When people learn that Dave Leonhard ’62 once played Major League Baseball, they often respond jokingly, as in, “Boy, the Red Sox could sure use you now,” Leonhard relates. Not that he ever was a member of the Sox—Leonhard spent six seasons, 1967 through 1972, as a pitcher for the Baltimore Orioles—but he lives and works outside Boston.
Leonhard’s tenure with the Orioles coincided with the team’s glory years, including three consecutive trips to the World Series (1969–1971), in which he appeared twice (1969, 1971).
In a sport preoccupied with statistics, Leonhard represents a remarkable—and remarkably improbable—footnote: He is one of only two Johns Hopkins graduates ever to play at the major league level. (The other, Otis Stocksdale, played for four seasons, including one with the Orioles, in the 1890s.)
Leonhard arrived at Johns Hopkins in the fall of 1960 as a junior transfer student from Washington College in Chestertown, Md., and he decided to major in history.
NCAA rules require transfer student-athletes to forgo participating in sports for one year, so Leonhard did not join the Blue Jays baseball team until spring 1962. (He also played basketball for Hopkins as a senior.)
A self-described “horrible” pitcher in high school, Leonhard improved at Hopkins. A right-handed starter, he won three games while losing two, on one occasion pitching 13 innings and striking out 18 batters. Nonetheless, upon graduation, no professional scouts showed interest in him; that neither surprised nor bothered Leonhard, given that he never had entertained any illusions about playing pro baseball.
That summer, he and some friends participated in a Baltimore-area amateur league, paying for their own equipment and uniforms, and in the fall, he began teaching American history at a local high school.
During the academic year, Leonhard bumped into an Orioles scout who’d seen him pitch the previous summer. To Leonhard’s astonishment, the scout offered to sign him to a contract with the team. Unconvinced of his own talent and with a commitment to teach through June, Leonhard at first demurred, relenting only when told that he could pitch that summer for a monthly stipend in the Orioles’ low-level program.
Come fall, he took a job as a social worker, resuming baseball activities in the minor leagues for the Orioles in spring 1964. Over the next several years, he pitched impressively, rising rapidly through the team’s farm system until he made his debut with the Orioles in 1967.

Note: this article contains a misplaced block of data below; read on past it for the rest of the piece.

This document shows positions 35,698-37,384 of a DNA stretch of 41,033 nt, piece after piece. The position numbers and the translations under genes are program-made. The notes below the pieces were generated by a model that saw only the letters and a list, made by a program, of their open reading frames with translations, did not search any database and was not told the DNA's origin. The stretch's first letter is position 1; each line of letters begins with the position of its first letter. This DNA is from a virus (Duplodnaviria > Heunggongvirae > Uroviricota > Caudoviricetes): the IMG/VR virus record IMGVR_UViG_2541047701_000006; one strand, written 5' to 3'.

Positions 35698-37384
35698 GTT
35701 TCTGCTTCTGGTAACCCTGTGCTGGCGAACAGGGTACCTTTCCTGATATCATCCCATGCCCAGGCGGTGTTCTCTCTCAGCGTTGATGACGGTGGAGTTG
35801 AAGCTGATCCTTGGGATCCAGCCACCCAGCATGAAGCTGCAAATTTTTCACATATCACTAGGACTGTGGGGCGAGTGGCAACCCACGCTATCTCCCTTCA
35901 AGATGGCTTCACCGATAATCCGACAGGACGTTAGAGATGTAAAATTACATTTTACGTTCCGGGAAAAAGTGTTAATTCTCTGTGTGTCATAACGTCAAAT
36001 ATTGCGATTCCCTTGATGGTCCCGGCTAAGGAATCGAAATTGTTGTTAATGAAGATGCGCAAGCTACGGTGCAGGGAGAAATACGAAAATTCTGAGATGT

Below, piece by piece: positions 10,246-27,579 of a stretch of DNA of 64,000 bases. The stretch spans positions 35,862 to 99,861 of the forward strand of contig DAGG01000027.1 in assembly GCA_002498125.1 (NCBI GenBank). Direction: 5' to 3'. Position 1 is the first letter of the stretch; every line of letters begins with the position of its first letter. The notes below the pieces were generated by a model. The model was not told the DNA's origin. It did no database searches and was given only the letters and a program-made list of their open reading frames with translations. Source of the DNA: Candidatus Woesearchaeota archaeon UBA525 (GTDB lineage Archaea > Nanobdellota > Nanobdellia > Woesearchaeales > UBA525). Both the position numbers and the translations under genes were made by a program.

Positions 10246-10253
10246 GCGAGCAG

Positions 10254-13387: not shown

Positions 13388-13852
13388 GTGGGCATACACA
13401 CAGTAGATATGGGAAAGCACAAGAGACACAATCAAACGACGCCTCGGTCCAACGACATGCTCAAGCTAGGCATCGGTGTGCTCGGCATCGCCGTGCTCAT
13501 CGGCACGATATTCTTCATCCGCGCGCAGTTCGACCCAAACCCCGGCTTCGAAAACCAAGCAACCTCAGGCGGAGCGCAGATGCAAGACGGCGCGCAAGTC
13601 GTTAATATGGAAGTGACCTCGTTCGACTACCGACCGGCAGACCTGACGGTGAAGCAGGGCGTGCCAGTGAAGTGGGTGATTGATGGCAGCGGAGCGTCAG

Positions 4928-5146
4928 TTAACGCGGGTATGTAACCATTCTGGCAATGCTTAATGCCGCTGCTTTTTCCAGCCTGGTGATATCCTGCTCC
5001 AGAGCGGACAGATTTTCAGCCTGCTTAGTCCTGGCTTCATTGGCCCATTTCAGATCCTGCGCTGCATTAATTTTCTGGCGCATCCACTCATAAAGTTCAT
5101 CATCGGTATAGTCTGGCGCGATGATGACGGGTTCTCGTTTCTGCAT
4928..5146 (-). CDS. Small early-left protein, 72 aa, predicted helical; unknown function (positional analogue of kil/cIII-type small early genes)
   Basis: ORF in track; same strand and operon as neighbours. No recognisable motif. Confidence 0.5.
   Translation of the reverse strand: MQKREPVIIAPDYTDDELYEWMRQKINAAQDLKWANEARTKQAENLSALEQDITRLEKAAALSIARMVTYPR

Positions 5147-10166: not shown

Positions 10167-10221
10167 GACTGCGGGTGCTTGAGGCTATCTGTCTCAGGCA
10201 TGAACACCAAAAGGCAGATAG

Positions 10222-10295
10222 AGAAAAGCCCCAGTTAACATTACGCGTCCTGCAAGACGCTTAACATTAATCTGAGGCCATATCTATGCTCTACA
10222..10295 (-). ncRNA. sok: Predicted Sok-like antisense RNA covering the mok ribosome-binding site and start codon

Leonhard’s Hopkins degree earned him the sobriquet of “The Professor” from his Orioles teammates, whom he quizzed about U.S. history during games, “just horsing around.” But overall, he adds, players did not treat him differently because of his JHU education.
Never a star, he won 16 games and lost 14 during his Orioles tenure, pitching as both a starter and reliever. While his team’s two appearances in the World Series will remain golden memories for Leonhard, he says, “there was a lot of stress in pitching for me because I was always struggling to make the team, and always felt that every pitch could be my last if it wasn’t a good one.”
Leonhard spent the 1973 and 1974 seasons back in the minor leagues, first for the Orioles and then, after being traded, with affiliates of the California Angels and Chicago Cubs, eventually moving on to serve as pitching coach and sometimes pitcher for two years with the Quebec Carnavals, a Montreal Expos farm team.
“I liked it, but even in the big leagues, coaches were making only $10,000 to $15,000—the most money I ever made as a player was $25,000—and you were subject to being fired at any time,” he explains. “It didn’t seem like a great career path to me.”
A more secure career path materialized while Leonhard still coached and played in Quebec. In May 1975, he and his wife, Doris, bought a foundering flower shop and plant nursery in Beverly, Mass.
Together, the couple replaced greenhouses, added two wings to the main building, and over the past 40 years, transformed the place into a thriving full-service operation.
Business varies wildly. “There are times in May and June and December when we work 12- to-14-hour days,” Leonhard says. “It’s a nightmare. Everyone wants their Christmas tree decorated at the same time, and everyone wants to plant at the same time in the spring.
“On the other hand, the other nine months of the year, you’re working in a fabulous environment: sunshine streaming through the greenhouses, me dressed in my bathing suit in the summer or sweatshirt and sweatpants in the fall.”
Meanwhile, Leonhard retains a palpable fondness for his unlikely Hopkins-to-the-major-leagues baseball past. “It was a wonderful way to make a living,” Leonhard remembers, citing the attendant exercise and the camaraderie. “I was playing a game that I’d paid money to play before and now, they were paying me.”